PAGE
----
Robert Quimby

Distinguished Postdoctoral Fellow
Kavli Institute for the Physics and Mathematics of the Universe (Kavli IPMU)
University of Tokyo, 5-1-5 Kashiwanoha, Kashiwa, 277-8583, Japan

When a star explodes as a supernova, it releases light that can be used to probe the distant universe, atoms that alter the chemistry of future stars and planets, and energy that impacts the evolution of galaxies. My research involves both revealing what these explosions are and using them as cosmic probes.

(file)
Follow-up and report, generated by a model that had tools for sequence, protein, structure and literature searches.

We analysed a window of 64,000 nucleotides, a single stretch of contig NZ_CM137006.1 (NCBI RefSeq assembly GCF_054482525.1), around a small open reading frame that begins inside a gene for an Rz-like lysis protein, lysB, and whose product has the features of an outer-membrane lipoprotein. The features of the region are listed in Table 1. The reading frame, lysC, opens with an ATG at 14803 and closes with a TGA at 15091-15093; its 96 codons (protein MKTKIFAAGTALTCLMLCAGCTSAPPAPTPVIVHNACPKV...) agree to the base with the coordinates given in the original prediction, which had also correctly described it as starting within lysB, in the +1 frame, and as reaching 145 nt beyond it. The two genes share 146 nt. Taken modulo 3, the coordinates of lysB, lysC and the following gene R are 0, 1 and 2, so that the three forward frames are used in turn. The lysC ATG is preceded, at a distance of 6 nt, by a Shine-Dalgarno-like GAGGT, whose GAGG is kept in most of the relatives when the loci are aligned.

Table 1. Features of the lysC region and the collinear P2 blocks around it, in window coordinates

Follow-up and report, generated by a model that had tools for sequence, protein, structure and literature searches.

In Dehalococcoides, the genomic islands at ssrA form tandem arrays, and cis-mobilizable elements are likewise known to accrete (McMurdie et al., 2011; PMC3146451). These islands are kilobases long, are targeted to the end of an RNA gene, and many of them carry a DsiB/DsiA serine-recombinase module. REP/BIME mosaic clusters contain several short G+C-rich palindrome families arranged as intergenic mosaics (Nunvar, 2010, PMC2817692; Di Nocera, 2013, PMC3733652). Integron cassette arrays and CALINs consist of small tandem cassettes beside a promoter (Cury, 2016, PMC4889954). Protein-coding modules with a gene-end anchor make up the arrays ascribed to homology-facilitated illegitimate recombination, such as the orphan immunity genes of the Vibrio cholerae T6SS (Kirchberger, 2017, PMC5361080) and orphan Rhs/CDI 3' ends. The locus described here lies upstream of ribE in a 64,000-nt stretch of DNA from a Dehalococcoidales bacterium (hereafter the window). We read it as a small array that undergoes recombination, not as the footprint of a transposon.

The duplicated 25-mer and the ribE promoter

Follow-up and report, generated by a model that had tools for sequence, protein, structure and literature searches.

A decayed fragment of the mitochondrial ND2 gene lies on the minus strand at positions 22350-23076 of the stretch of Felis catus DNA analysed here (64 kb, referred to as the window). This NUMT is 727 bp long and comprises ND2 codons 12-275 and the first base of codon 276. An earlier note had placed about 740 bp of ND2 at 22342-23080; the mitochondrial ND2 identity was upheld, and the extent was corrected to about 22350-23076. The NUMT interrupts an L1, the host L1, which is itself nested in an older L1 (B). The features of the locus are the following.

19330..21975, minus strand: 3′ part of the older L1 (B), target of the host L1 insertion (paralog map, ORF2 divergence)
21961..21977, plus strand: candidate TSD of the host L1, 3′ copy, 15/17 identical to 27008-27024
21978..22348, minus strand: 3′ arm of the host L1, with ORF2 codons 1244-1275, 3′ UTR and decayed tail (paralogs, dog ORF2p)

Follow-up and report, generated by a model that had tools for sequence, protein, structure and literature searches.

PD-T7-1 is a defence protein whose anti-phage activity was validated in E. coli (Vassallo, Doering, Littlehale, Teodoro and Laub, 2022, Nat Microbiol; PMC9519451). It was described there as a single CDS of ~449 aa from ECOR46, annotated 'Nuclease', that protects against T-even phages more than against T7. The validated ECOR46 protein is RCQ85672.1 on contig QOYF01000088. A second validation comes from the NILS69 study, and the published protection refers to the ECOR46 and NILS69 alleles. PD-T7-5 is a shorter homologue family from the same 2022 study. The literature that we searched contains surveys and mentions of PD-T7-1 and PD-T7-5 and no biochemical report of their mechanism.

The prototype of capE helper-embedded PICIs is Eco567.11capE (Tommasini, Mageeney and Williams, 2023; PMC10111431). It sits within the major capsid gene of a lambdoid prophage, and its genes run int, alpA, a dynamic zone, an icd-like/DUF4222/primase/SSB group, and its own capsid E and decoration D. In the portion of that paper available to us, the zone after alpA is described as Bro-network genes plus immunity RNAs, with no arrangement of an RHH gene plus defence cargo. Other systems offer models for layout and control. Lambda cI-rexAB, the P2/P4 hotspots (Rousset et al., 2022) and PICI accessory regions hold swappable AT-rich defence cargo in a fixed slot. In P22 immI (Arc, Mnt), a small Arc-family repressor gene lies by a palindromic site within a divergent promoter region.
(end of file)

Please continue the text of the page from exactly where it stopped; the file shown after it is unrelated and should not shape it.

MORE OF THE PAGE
Thermonuclear explosions of white dwarf stars, known as Type Ia (read "type-one-A") supernovae are the most commonly found--but not most commonly produced--supernovae in the universe, and so far, the most useful cosmic probes.

My dissertation work at the University of Texas uncovered a new variety of supernovae with peak luminosities 10 times brighter than normal Type Ia. I am working to uncover the physical nature of these "superluminous supernovae" and to find ways to use them to study our changing universe out to greater distances than is possible with their fainter, Type Ia cousins.

Publication Highlights

For complete listing of my publications, you can:

  • 2010 Trumpler Award (press release from the Astronomical Society of the Pacific)
  • 2008 Hyer Award (press release from the American Physical Society)
For the General Public